[WATCH] Muscat: Time to take infrastructure and built environment to the next level

The Prime Minister said that through income generated by the IIP scheme, the government is in a position to undertake more ambitious projects

Prime Minister Joseph Muscat
Prime Minister Joseph Muscat


If the Labour Party were to be elected to a second term in office, it would embark on series of projects aimed at improving Malta’s infrastructure and environment, said Prime Minister Joseph Muscat this evening.

According to the Prime Minister, among Malta’s biggest problems were its infrastructure and overall cleanliness, two issues a new Labour government would immediately set about correcting.

Muscat reiterated his pledge to have all of Malta and Gozo’s roads redone over a period of seven years, adding that such a project would not have been possible had it not been for the government’s cash-for-citizenship scheme.

Asked how realistic the pledge was, Muscat said that the same question had been asked about the power station four years ago, and the government ultimately delivered.

“We currently spend an average of €20 million on roads a year. At this rate, it would take us 27 years to repair all the roads,” said Muscat. “Now we are saying that we will spend €100 million a year for seven years.”

He said that over the past four years, infrastructural projects, such as the coast road, had been completed on time and in a well-coordinated manner, and announced that work on the Kappara junction would be completed by the end of September. This he said, would immediately be followed by work on the Marsa junction.

Muscat also pledged to set up and agency that would be tasked with managing the works and the upkeep of roads.

“We will not allow potholes to remain on the roads for longer than 24 hours,” he said, adding that the government would enter into a public-private partnership with contractors, and would make EU funds available for them to invest in better equipment and staff training.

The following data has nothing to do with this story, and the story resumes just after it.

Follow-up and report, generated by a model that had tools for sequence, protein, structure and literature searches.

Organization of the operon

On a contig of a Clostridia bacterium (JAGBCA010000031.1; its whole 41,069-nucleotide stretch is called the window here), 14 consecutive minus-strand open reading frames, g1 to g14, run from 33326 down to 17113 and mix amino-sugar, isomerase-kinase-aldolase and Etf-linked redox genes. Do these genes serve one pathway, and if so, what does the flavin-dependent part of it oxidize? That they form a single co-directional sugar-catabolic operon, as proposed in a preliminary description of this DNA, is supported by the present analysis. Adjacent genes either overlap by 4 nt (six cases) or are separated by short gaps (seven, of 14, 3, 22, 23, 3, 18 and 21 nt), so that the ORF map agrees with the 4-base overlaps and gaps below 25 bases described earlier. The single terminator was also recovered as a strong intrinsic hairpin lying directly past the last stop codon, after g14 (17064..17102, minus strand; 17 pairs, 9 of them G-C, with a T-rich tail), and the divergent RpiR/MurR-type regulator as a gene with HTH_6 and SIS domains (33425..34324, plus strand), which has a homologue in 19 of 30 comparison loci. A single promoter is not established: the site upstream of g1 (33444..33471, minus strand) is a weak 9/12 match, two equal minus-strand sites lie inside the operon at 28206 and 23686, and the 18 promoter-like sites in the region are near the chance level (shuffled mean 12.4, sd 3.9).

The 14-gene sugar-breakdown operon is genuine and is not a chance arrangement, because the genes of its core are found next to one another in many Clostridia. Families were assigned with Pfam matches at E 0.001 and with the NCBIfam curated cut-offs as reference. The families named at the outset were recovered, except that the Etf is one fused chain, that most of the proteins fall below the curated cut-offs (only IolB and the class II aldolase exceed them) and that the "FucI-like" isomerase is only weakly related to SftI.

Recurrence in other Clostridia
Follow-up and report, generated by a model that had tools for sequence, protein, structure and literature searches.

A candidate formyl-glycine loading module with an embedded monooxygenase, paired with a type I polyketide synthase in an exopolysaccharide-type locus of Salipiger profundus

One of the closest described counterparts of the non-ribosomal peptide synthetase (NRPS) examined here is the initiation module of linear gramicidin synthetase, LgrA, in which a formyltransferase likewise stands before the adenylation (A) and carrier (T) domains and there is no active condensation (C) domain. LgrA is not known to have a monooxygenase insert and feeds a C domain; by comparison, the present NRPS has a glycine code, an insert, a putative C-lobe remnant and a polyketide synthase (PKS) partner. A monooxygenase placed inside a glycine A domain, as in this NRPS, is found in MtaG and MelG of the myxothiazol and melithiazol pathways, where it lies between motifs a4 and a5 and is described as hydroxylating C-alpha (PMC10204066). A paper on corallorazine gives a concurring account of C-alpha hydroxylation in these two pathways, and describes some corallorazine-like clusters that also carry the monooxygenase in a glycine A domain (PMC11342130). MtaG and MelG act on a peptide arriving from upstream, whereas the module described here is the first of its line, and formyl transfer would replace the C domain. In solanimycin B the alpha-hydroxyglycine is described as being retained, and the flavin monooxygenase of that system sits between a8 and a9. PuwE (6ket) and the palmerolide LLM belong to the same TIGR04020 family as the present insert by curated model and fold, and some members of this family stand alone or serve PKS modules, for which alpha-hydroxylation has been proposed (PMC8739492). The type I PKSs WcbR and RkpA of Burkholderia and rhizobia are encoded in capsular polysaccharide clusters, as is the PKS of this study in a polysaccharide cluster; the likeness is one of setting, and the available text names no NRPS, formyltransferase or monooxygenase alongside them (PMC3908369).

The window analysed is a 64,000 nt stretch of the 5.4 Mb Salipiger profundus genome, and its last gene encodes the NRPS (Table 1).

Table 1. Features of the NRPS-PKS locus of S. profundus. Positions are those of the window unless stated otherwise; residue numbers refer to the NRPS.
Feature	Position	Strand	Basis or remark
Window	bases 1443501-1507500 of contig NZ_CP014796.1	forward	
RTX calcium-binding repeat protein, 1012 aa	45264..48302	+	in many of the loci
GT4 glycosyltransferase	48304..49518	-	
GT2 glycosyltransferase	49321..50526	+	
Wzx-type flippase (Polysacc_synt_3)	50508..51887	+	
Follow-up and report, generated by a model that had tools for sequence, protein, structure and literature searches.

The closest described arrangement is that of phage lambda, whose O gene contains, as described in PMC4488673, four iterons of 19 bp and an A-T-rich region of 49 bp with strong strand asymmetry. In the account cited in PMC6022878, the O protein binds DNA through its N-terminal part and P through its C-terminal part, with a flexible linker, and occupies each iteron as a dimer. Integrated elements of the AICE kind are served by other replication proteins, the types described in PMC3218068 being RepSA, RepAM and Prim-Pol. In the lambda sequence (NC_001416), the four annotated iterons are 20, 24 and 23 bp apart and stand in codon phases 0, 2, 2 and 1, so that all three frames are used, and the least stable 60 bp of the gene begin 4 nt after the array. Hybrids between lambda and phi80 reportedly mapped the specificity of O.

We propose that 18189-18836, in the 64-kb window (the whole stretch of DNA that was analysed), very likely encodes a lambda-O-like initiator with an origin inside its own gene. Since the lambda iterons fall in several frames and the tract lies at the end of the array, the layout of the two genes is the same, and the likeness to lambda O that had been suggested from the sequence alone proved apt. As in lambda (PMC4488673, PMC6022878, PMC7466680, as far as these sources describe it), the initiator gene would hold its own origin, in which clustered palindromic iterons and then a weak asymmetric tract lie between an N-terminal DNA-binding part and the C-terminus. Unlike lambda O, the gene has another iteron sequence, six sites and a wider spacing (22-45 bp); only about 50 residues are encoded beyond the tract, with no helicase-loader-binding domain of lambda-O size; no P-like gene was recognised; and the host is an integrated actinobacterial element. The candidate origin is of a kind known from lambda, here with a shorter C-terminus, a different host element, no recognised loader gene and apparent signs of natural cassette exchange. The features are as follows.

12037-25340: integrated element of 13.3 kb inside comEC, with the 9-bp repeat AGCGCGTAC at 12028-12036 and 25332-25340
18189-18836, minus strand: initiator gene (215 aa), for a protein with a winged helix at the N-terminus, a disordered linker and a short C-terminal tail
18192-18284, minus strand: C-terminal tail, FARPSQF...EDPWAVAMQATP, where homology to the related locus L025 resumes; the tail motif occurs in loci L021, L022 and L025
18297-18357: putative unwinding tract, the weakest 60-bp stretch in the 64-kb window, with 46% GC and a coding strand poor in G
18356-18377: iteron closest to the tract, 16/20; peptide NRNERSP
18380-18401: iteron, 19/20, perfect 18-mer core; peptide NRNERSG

Moreover, he said that a Labour government would start a pilot project that would see wires and cables placed underground, rather than having them placed along the facades of buildings.

Another big problem the country had was cleanliness and the general upkeep of the environment, said Muscat.

In order to tackle the problem, he said, an agency would be set up that would be specifically tasked with ensuring the country was litter-free. He said that as things stand, there were instances where authorities were not doing enough, and others where they were not able to do enough.

“If you have a place that needs to be cleaned three times a day we can’t have authorities playing a blame game, with local councils blaming the government and vice versa,” he said.

However, he warned that this would not be enough, and emphasised the importance of people to be more careful about where they discard their trash, and to be appreciate the important of separating their waste.

Muscat said the first five days of the campaign have showed that not only was the government prepared to govern, “but it also prepared to continue governing”.

“One would have expected us to dedicate the first days of the campaign to talking about what we have accomplished,” he said. “Instead we have been talking about what we want to do.”

Muscat said people had welcomed the Labour Party’s first five proposals because they could see that they were costed and realistic and would make a difference to their lives.

On the other hand, said Muscat, PN leader Simon Busuttil said that he would be substantiating his proposals within the first 100 days of a PN government.

“Rather than working on proposals the opposition has been thinking of ways to orchestrate malicious attacks,” said Muscat, adding that the PN was clearly not ready to govern the country.

On tax cuts being proposed by the Labour Party, Muscat said that when taxes are reduced in a sustainable way, government income increases rather than decreases. He argued that if the government gives people €300 they would spend the money, and this would in turn mean that more wealth is created, resulting in higher tax revenues.

“We are not suggesting a 50 or 75% reduction in tax. All we are saying is that every person that works will be given a tax refund of between €200 and €340,” he added, stressing that the refund would be given to each working individual, and not simply each family. Referring to the PN’s proposal of a tax cut for retailers Muscat said the Labour Party preferred to distribute wealth equally.

Muscat concluded by discussing the decree handed down the magistrate heading the Egrant Inquiry yesterday. He said that despite the way in which some were choosing to interpret the issue, what the magistrate had said was essentially that “after [PN leader] Simon Busuttil had presented him with documents, the magistrate had said that this was not related to the inquiry underway”.

He stressed that ultimately people would be voting on the basis of facts, which “they have seen first-hand over the past four years”, and on the basis of the best proposals.

“We have the best plan and it is important to remember that elections are not won by clapping but with votes.”